According to the New Yorker article, by the investigative journalist Seymour M. Hersh, one of the soldiers under investigation, Staff Sgt. Ivan L. Frederick II, an Army reservist who is a prison guard in civilian life, may have reinforced General Karpinski’s contention in e-mails to family and friends while serving at the prison.
In a letter earlier this year, Sergeant Frederick wrote, “I questioned some of the things that I saw.” He described “such things as leaving inmates in their cell with no clothes or in female underpants, handcuffing them to the door of their cell.” He added, “The answer I got was, `This is how military intelligence wants it done.'”
Prisoners were beaten and threatened with rape, electrocution and dog attacks, witnesses told Army investigators, according to the report obtained by The New Yorker. Much of the abuse was sexual, with prisoners often kept naked and forced to perform simulated and real sex acts, witnesses testified. Mr. Hersh notes that such degradations, while deeply offensive in any culture, are particularly humiliating to Arabs because Islamic law and culture so strongly condemn nudity and homosexuality.
General Karpinski said she was speaking out because she believed that military commanders were trying to shift the blame exclusively to her and other reservists and away from intelligence officers still at work in Iraq.
“We’re disposable,” she said of the military’s attitude toward reservists. “Why would they want the active-duty people to take the blame? They want to put this on the M.P.’s and hope that this thing goes away. Well, it’s not going to go away.”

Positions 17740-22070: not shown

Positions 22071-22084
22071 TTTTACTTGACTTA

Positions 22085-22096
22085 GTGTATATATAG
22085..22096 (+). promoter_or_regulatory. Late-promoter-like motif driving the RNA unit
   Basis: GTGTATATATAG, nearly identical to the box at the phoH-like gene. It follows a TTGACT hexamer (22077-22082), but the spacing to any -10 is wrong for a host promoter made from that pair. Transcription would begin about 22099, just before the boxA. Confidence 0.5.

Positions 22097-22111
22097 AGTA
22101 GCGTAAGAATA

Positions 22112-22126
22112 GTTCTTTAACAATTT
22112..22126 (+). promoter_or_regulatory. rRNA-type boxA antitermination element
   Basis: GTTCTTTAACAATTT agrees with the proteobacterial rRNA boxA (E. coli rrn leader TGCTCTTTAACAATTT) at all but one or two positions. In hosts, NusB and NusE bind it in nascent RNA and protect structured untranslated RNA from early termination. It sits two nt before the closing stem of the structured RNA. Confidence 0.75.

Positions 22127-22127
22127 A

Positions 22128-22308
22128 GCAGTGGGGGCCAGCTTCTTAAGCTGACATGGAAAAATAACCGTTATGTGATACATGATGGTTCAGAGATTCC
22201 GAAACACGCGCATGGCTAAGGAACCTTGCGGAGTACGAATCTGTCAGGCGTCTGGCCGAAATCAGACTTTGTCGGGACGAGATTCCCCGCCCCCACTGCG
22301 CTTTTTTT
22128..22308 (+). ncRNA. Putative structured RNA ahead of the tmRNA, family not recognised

The Army’s public affairs office at the Pentagon referred calls about her comments to military commanders in Iraq.
General Karpinski said in the interview that the special cellblock, known as 1A, was one of about two dozen cellblocks in the large prison complex and was essentially off limits to soldiers who were not part of the interrogations, including virtually all of the military police under her command at Abu Ghraib.
She said repeatedly in the interview that she was not defending the actions of the reservists who took part in the brutality, who were part of her command. She said that when she was first presented with the photographs of the abuse in January, they “sickened me.”
“I put my head down because I really thought I was going to throw up,” she said. “It was awful. My immediate reaction was: these are bad people, because their faces revealed how much pleasure they felt at this.”
But she said the context of the brutality had been lost, noting that the six Army reservists charged in the case represented were only a tiny fraction of the nearly 3,400 reservists under her command in Iraq, and that Abu Ghraib was one of 16 prisons and other incarceration centers around Iraq that she oversaw.
“The suggestion that this was done with my knowledge and continued with my knowledge is so far from the truth,” she said of the abuse.” I wasn’t aware of any of this. I’m horrified by this.”
She said she was also alarmed that little attention has been paid to the Army military intelligence unit that controlled Cellblock 1A, where her soldiers guarded the Iraqi detainees between interrogations.